Noah W. Parden

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Noah Walter Parden
Portrait of Noah Parden
Born1868 (1868)
Rome, Georgia
DiedFebruary 23, 1944(1944-02-23) (aged 75–76)
St. Louis, Missouri
OccupationAttorney, Politician
Years active1891–1940
Known forOne of the first African-American attorneys to argue before the United States Supreme Court

Noah Walter Parden (c. 1868 – February 23, 1944) was an American attorney and politician who was active in Chattanooga, Tennessee, East St. Louis, Illinois, and St. Louis, Missouri between 1891 and 1940.[1] In 1906 he became one of the first African-American attorneys to serve as lead counsel in a case before the United States Supreme Court, and he was among the first to make an oral argument before the Court.[2] In 1935 he became the first African American to be appointed to the position of Assistant Prosecuting Attorney, a public office, in St. Louis.[3]

Education and personal life[edit]

Noah Parden was born near Rome, Georgia, probably in 1868. His mother was a former slave who worked as a housekeeper and cook. His father was a white man. When he was about seven years old he was sent to an orphanage after the death of his mother, who had raised him as a single parent.[4]

In 1884 he left Rome for Chattanooga, Tennessee, where he supported himself by working as a barber and at other odd jobs while he spent five years attending Howard High School.[5][6][7] He graduated in May 1890, presenting the class oration on "The Duty of a Citizen."[8] He then enrolled as a senior in the law department at Central Tennessee College in Nashville, graduating in 1891.[9]

In 1892 he married Mattie S. Broyles (March 29, 1870 – July 15, 1934), a native of Dalton, Georgia whom he had met in Nashville, and they settled in Chattanooga where they remained until 1906.[10] They had two children, Frank B. Parden, who died August 22, 1925, and Lillian Parden Bracy.[11] After leaving Chattanooga, Parden and his family moved briefly to Pueblo, Colorado and then settled in East St. Louis, Illinois.[12] In 1922 the Pardens moved to neighboring St. Louis, Missouri, although Noah Parden continued to maintain a law office in East St. Louis.[3][13]

After Mattie Parden's death in 1934, Noah Parden married Elizabeth Polk, a divorcee from East St. Louis. Her former husband Tranne Polk, an East St. Louis detective and politician, had been acquitted on charges of assaulting Parden in 1933. During the trial, Polk testified that Parden had interfered in his personal affairs.[14]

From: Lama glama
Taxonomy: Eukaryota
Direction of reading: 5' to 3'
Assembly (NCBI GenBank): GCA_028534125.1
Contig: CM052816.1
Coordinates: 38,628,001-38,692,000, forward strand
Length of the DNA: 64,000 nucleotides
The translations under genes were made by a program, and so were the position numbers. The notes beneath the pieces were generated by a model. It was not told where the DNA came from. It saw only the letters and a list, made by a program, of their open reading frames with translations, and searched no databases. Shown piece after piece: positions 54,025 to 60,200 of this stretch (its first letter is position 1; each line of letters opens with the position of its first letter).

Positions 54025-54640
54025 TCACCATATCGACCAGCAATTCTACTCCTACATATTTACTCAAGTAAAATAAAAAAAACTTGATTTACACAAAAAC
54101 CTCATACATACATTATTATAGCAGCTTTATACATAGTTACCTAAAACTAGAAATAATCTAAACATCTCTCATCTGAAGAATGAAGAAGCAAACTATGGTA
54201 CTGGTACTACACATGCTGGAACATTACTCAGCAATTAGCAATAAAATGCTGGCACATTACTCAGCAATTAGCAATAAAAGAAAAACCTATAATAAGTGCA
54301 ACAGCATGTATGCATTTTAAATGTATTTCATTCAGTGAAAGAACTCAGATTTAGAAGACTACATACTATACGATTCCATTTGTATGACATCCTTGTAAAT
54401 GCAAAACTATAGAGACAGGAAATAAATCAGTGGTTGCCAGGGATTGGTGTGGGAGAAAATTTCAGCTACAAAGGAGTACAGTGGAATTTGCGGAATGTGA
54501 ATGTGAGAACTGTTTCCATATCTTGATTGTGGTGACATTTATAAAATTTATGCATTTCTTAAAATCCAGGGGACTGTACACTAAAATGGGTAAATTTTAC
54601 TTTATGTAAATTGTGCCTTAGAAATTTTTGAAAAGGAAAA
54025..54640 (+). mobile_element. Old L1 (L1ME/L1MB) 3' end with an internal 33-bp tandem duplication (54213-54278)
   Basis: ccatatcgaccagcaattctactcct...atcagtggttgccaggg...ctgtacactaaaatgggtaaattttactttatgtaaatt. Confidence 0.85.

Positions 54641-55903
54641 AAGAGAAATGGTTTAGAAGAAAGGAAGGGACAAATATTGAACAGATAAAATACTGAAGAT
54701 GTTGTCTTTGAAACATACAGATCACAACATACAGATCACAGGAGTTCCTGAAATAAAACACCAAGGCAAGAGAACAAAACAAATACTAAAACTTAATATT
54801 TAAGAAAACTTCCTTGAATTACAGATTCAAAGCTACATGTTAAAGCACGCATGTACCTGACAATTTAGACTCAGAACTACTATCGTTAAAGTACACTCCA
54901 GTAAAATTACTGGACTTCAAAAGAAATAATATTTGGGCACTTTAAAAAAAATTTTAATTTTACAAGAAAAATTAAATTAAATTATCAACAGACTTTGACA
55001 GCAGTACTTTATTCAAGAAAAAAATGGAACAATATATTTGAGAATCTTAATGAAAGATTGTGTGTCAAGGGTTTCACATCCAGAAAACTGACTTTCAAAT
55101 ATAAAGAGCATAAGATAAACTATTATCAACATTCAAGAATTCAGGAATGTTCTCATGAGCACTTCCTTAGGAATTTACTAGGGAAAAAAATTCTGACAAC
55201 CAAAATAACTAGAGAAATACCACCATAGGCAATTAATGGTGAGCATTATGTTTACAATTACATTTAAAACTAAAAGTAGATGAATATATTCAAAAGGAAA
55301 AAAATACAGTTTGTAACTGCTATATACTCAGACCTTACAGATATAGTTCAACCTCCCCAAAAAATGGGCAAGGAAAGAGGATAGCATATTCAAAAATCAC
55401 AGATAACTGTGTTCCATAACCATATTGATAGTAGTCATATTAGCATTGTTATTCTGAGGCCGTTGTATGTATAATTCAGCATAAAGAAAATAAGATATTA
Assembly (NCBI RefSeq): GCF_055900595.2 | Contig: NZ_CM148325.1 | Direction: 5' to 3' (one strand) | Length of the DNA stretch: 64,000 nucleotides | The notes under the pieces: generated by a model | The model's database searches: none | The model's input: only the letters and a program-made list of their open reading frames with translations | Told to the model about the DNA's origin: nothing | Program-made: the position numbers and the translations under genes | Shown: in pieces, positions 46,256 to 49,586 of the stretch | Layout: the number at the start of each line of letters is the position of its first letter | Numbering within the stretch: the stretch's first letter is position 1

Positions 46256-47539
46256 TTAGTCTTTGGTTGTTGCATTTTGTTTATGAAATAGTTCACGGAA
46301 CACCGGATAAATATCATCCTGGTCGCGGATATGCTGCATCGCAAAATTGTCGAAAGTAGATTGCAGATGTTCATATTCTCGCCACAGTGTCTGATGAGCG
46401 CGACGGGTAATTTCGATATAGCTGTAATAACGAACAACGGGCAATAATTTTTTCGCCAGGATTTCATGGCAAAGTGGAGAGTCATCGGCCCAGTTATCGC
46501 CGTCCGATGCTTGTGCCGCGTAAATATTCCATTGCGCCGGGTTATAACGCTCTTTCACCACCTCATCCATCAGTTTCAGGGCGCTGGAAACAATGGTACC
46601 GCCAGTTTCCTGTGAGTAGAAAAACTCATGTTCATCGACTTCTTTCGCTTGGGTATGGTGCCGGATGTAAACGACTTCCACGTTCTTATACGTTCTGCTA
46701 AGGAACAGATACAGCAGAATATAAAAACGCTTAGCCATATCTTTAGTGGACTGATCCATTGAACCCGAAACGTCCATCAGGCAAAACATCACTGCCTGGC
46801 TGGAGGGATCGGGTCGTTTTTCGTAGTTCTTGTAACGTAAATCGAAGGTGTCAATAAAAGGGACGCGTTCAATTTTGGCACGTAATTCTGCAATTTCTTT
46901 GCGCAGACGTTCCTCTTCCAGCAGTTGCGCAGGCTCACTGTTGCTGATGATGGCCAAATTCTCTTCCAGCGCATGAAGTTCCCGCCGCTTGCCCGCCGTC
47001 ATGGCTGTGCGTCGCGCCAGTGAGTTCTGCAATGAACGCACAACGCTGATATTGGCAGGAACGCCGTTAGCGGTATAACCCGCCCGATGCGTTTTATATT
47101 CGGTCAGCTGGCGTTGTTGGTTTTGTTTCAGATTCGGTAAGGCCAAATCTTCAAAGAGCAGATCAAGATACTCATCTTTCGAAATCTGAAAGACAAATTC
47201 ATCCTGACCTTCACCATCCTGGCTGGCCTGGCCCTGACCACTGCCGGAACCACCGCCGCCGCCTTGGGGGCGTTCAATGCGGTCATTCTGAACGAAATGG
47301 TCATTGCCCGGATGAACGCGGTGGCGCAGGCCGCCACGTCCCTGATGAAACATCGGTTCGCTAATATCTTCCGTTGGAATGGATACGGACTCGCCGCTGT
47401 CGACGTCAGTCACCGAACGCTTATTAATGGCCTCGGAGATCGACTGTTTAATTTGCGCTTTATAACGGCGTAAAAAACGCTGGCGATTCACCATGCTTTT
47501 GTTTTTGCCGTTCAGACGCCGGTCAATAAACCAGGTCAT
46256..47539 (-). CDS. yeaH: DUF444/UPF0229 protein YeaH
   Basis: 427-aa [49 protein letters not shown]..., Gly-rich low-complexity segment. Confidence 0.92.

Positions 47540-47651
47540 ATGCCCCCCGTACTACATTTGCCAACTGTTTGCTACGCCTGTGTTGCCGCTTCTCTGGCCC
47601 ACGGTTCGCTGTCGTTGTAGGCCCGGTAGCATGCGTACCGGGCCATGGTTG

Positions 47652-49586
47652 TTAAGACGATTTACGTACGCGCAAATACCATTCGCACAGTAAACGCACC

Parden was able to speak several languages, played the violin, and was knowledgeable about art, music and literature. He also remained connected to his rural roots.[15][16] By the end of the 1920s he had acquired a 400-acre cotton plantation near Hickory, Mississippi, where he vacationed and to which he would briefly retire before returning to live in St. Louis until the end of his life.[1][17] On the farm, he did agricultural work to relax; he also knew how to sew, knit and make his own clothing.[1]

Parden died on February 23, 1944, and was buried at Booker Washington Cemetery in Centreville Station, Illinois. He was survived by his wife Elizabeth, his daughter, and a stepdaughter, Gertrude Polk.[1]

Legal and political career[edit]

Noah Parden practiced law from 1891 to 1940, a career which spanned 49 years. At the end of 1929 he claimed to have defended 236 people accused of murder, of whom one had been legally executed and another lynched.[17] In addition to his private legal practice he also worked as a prosecutor, serving for nine years (1908-1917) as an assistant state's attorney in St. Clair County, Illinois, and for five years (1935-1940) as an Assistant Prosecuting Attorney in St. Louis.[1] He intermittently engaged in writing, editing and public speaking, and was involved in local politics in East St. Louis and St. Louis.[18][19]

Activities in Chattanooga, 1891-1906[edit]

After receiving his law degree in 1891 Noah Parden began his career as an attorney in Chattanooga. in 1892, he briefly established a partnership with another black attorney, James P. Easley.[20] During 1895 Parden and Easley also published a newspaper, the Chattanooga Herald, although Parden soon sold his share in the paper.[21][22] He gained a reputation as an effective defense attorney who was able to obtain victories for his African-American clients in jury trials despite the all-white juries employed in local courts.[23]

The Ed Johnson case and United States v. Shipp (203 U.S. 563 [1906])[edit]

In 1906 Parden was asked to represent Ed Johnson, a black Chattanooga man who had been convicted of the rape of Nevada Taylor, a white woman, and sentenced to death. Together with Styles L. Hutchins, an African-American attorney and former Tennessee state legislator, and Lewis Shepherd, a white attorney and former judge, Parden began working to overturn Johnson's conviction. No concrete evidence linked Johnson to the crime, and, as Parden argued, the trial had been replete with errors including open demonstrations of bias against Johnson by a member of the jury, exclusion of blacks from the jury pool, and a so-called mob mentality in the courtroom during the trial. Nevertheless, the Chattanooga court refused to reopen the case and the Tennessee Supreme Court refused to authorize a stay of execution that would have allowed for a new trial, on the grounds that there had been no specific error in the trial to warrant it.[24] Parden then filed a petition for a writ of habeas corpus with the U.S. Federal Court in Knoxville, citing the Habeas Corpus Act of 1867, which allowed defendants in state court cases to seek relief from federal courts if they believed their Constitutional rights had been violated. He argued that the state courts had violated Johnson's rights by excluding blacks from juries, a form of discrimination which the United States Supreme Court had determined to be illegal. Although the court rejected this argument, Judge C.D. Clark did stay Johnson's execution to allow Parden and his colleagues to appeal the case to the Supreme Court, which had the power to rule in favor of federal intervention in a state court case.[25]